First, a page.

. . . . the emergence of an urban oligarchy brought home to Americans with special force the realization that the arcadian world they had known was slipping away. It was one of the ironies of the Jacksonian period that at a time in which white society embraced the principles of economic democracy and the rise of the so-called "common man," the gap between rich and poor grew visibly wider. Rapid economic expansion had created a new aristocracy, an urban upper class that seemed oblivious to the obligations of its social position. To many Americans, the new rich seemed to exhibit all the characteristics of Britain's titled nobility, aping its manners and demonstrating a like contempt for the laboring classes.
Americans who felt the twinge of class resentment did not merely draw comparisons between the socioeconomic elites of the two countries. As earnest republicans, they hewed to the belief that aristocracy in all its forms was a foreign institution. The existence of a cosmopolitan beau monde was evidence that "a regal fungus" bearing all the hallmarks of an Old World ruling class had taken hold and was slowly eroding the principles upon which the country had been founded. The disparity of wealth and income was nothing less than "a germ of English growth transplanted here by some foreign monarchists," Jacksonians maintained. Contributing to these suspicions was the widely held belief that American commercial and financial elites were in league with monopolists and fund-mongers across the Atlantic. British banking and mercantile firms all had agents in the United States who had grown rich through their overseas business connections. Unseemly displays of luxury and affectation by the titans of commerce and banking would have rankled republican sensibilities under any circumstances. But such behavior seemed all the more deplorable because it bore the unmistakable imprint of British collusion, of wealth attained by dishonest means. In the minds of many stalwart democrats, the nation's traditional enemy had, in effect, subsidized a new ruling elite, which did not share the true interests and sympathies of Americans.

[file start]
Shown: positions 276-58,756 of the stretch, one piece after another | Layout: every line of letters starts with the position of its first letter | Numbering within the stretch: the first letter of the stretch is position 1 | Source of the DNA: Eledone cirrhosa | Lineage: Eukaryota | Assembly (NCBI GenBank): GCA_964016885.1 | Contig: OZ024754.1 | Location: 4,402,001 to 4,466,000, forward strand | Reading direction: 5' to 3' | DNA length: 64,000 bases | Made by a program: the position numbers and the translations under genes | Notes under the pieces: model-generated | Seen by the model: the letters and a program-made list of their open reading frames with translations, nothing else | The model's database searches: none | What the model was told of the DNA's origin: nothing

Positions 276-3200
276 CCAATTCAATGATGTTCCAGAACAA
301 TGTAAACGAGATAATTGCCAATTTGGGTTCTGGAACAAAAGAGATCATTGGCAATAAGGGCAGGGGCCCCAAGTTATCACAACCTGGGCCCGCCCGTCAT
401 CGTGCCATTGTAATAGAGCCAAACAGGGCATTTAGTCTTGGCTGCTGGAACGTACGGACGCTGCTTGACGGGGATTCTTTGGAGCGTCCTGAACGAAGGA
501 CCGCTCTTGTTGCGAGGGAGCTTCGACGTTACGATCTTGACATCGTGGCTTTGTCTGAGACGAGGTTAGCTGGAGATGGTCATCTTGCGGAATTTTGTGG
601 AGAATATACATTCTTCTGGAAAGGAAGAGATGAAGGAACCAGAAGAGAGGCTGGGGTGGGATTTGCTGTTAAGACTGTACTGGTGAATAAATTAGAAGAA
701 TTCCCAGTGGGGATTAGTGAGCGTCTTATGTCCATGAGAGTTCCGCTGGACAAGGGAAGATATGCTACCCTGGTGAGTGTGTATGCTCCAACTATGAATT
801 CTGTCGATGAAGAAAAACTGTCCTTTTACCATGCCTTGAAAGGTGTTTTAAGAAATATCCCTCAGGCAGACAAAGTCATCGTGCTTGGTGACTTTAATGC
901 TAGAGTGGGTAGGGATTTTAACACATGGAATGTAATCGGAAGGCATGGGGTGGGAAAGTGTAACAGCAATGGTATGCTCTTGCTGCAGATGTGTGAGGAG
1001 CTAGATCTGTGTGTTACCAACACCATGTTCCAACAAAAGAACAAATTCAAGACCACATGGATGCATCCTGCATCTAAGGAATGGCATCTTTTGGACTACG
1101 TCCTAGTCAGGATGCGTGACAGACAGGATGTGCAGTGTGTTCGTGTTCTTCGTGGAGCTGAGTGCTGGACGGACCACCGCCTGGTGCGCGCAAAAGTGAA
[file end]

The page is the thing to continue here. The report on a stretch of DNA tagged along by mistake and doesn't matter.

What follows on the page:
Two months ago, I argued in Economics as Cultural Warfare, that modern conservative thinking is based on the ideas of subalterns and factotums of the English and other European oligarchs, most especially economic thinking:
Simply put, [Adam] Smith was a factotum for the British oligarchy, and as such, was fundamentally hostile to the United States and its grand experiment in self-government. Is it just coincidence that a "science" of economics that holds as its guiding light an oligarchical apologist should give us a body of economic thinking that has ruined our economy, impoverished our working people, and debased our public finances? Was that the intent of "classical economics" based on Smith and Ricardo, and its ugly step-child, neo-liberalism, all along? If you get your economic thinking from oligarchs, perhaps you should expect that thinking, when put into practice, to result in the creation of an oligarchy. "By their fruits ye shall know them."